Now that median home prices in the Tucson area have leveled off for a few months, we have a chance to pause and reflect on some of the attitudes created by the frenzy of the past several years.
The conventional wisdom of creating home equity is dead. A number of financial writers are proclaiming that home equity should not be left idle but should be invested in other assets. Mortgage brokers, happy to accommodate, are presenting projections with low-rate interest-only mortgages combined with second mortgages that show greater asset accumulation over time than paying down the mortgage balance. Even better, your entire payment is tax-deductible interest.
Unfortunately, this is a long-term strategy based on very short-term conditions. Interest-only mortgage rates adjust after an initial period, potentially leaving the homeowner with a huge increase in payments. And since there is no room for a decline in the price of the property in this strategy, it should only be used when there is a high degree of certainty that the property will be sold before the interest-only period ends.
The biggest flaw, though, is that most people aren’t disciplined enough to follow this strategy; they are more likely to spend the freed-up funds than reinvest them. Disciplined homeowners have always been able to leverage their home equity for other purposes even when using traditional mortgages.
The conventional practice of making additional payments to mortgage principal will still save huge amounts of interest. This decision should be based on other savings needs (retirement, education, emergency funds, etc.) and the potential returns of the alternative uses of the funds.
Buying a rental property or “flipping” property is not risky. The fundamental concept of a positive cash flow rental property has been abandoned by many investors, so both of these practices are predicated on a continuing increase in property values. New valuation methods have been embraced to justify values, such as comparing the “cost of owning” to rents or incomes. The cost of owning, of course, is overwhelmingly influenced by interest rates, but proponents of this approach assume that all buyers have locked in their rates. Recent mortgage data shows that over 25% of new mortgages are interest-only loans, which will ultimately subject borrowers to interest rate changes.
Flipping, or rapidly buying and selling, property has undeniably produced excellent returns for some investors. Should the market slow, flipping becomes a game of musical chairs, and as the stakes become higher and the temptation greater the competition will heat up, wringing these returns out of the market.
Likewise, rental properties can produce excellent long-term returns, especially if they produce positive cash flow (more income than expenses). Experienced rental investors know that you have to consider costs such as vacancies and maintenance, and they know that novice investors who are willing to accept negative cash flow are destined to overpay for properties.
The value of my house has doubled in four years, so that’s 25% annual growth. One of the advantages of real estate is the use of leverage, or borrowed money. This creates the opportunity for large returns on the “out-of-pocket” investment when there are short-term price spikes. But even over a period as short as four years, because the doubling reflects compounding, the annual increase is actually just under 19%.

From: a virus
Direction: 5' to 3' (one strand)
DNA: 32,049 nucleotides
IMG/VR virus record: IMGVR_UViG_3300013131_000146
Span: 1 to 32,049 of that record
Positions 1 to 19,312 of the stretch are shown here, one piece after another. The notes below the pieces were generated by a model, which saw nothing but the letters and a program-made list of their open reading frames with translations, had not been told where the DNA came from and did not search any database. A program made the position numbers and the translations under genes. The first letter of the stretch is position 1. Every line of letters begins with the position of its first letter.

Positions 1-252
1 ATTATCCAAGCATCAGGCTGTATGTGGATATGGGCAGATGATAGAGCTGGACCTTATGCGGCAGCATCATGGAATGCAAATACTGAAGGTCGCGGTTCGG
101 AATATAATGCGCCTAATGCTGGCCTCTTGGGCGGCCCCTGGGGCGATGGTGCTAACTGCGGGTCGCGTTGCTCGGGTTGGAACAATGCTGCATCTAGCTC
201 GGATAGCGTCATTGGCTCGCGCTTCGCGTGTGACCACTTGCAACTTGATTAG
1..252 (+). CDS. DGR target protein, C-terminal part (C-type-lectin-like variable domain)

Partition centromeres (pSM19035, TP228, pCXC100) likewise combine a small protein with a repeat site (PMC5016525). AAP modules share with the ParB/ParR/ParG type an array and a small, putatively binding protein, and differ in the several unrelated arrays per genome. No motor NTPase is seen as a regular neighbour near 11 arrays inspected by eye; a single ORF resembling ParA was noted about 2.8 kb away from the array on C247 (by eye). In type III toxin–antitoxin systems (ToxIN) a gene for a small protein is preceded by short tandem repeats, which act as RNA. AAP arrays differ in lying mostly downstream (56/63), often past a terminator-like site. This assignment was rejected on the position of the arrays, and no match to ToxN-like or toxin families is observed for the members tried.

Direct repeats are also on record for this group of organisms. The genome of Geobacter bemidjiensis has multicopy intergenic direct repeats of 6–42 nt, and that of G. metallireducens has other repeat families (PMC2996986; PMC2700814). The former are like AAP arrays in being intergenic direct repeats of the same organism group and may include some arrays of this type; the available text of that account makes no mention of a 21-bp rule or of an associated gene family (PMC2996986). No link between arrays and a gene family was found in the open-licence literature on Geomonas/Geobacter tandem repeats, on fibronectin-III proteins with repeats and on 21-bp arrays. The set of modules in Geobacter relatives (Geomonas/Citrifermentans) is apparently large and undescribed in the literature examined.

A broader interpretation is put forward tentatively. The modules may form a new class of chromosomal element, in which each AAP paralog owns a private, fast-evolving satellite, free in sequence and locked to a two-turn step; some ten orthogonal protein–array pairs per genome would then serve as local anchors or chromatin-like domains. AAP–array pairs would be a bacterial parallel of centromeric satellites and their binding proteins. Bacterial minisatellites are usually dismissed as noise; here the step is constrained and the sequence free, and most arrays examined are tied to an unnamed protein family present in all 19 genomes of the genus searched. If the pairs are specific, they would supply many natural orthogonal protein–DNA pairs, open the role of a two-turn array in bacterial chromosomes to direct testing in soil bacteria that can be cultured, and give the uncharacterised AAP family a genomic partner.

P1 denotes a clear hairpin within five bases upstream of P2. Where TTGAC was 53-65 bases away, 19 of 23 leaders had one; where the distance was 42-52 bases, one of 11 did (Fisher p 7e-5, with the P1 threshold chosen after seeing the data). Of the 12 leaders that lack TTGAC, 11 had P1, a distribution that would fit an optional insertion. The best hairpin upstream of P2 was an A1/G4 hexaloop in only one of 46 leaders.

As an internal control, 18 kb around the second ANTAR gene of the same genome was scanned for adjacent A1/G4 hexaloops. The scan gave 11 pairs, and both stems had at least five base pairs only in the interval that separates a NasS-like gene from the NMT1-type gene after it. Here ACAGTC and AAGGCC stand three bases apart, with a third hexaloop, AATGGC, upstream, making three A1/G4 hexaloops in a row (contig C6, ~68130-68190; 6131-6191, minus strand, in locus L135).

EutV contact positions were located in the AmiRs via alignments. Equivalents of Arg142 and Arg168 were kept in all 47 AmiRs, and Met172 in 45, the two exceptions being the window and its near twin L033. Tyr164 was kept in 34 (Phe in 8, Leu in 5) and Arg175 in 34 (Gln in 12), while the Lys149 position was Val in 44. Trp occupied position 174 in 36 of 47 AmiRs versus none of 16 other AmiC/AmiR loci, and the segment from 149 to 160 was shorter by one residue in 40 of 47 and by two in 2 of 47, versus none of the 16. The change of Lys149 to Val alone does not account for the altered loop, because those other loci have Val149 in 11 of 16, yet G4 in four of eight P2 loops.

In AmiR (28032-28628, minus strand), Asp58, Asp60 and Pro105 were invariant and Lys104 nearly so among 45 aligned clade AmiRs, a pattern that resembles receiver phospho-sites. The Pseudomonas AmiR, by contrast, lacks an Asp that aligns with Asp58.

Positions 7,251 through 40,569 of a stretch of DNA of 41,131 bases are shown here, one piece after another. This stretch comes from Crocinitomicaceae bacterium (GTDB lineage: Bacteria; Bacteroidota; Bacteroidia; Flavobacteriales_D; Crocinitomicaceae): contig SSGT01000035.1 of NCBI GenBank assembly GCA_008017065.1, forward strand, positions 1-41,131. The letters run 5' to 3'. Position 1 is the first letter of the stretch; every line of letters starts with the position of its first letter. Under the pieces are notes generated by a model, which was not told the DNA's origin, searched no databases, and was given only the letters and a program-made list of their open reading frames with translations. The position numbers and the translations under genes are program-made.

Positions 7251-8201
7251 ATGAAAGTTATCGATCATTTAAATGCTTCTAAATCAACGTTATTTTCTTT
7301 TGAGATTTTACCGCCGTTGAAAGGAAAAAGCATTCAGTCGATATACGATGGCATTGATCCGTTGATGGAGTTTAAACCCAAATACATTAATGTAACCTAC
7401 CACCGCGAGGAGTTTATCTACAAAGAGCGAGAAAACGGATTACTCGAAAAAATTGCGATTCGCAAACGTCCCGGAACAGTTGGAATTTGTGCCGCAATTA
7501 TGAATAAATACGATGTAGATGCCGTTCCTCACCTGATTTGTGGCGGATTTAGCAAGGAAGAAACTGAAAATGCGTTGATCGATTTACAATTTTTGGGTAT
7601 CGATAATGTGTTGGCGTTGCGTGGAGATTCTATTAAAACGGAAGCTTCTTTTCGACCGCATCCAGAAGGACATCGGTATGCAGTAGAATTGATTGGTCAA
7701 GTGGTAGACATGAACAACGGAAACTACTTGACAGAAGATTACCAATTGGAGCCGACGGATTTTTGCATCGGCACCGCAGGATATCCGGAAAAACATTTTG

The real danger lies in the unspoken implication that this kind of growth will continue. (You know danger is lurking when all the anecdotal experiences are home runs; you seldom hear of a losing real estate experience these days, and there are always losers in every market.) Extend the period out to ten years and most single-family homes in Tucson have increased in value less than the stock market, even with the market crash in 2000, and have essentially kept pace with the bond market. Over longer periods, housing values have roughly kept pace with inflation.
This is a good example of the “trees grow to the sky’ theory; extend recent price increases into the future, and the numbers become so large so fast it becomes obvious those increases can’t continue. Already prices have far exceeded their historical relationship to rents, and housing affordability based on local incomes is an issue in many markets.
But my house has still doubled in value. So what? Unlike assets which have a liquid, easily-traded market, houses are ultimately worth what they actually sell for, regardless of the price the neighbor’s house fetched. The “my house has doubled” assessment is usually based on the last neighborhood sale plus a premium because, after all, the market just keeps going up.
Even if you were to sell your house, what’s next? Trading houses in the same market doesn’t create any advantage, because the next house is subject to the same market forces that increased the value of the house you sold. Worse yet, there are substantial transaction costs with such a move and the temptation is to increase the debt load to purchase a more expensive house. As painful as it may be to acknowledge, all those Californians have the right idea by cashing out of an expensive market and either moving into a less expensive market or “trading down” in house value.
Real estate can be a great investment and can also serve to diversify a portfolio. You’ll be more successful and rest much easier by treating your primary residence, both financially and emotionally, as a home rather than an investment and by applying rigorous financial analysis to other real estate ventures.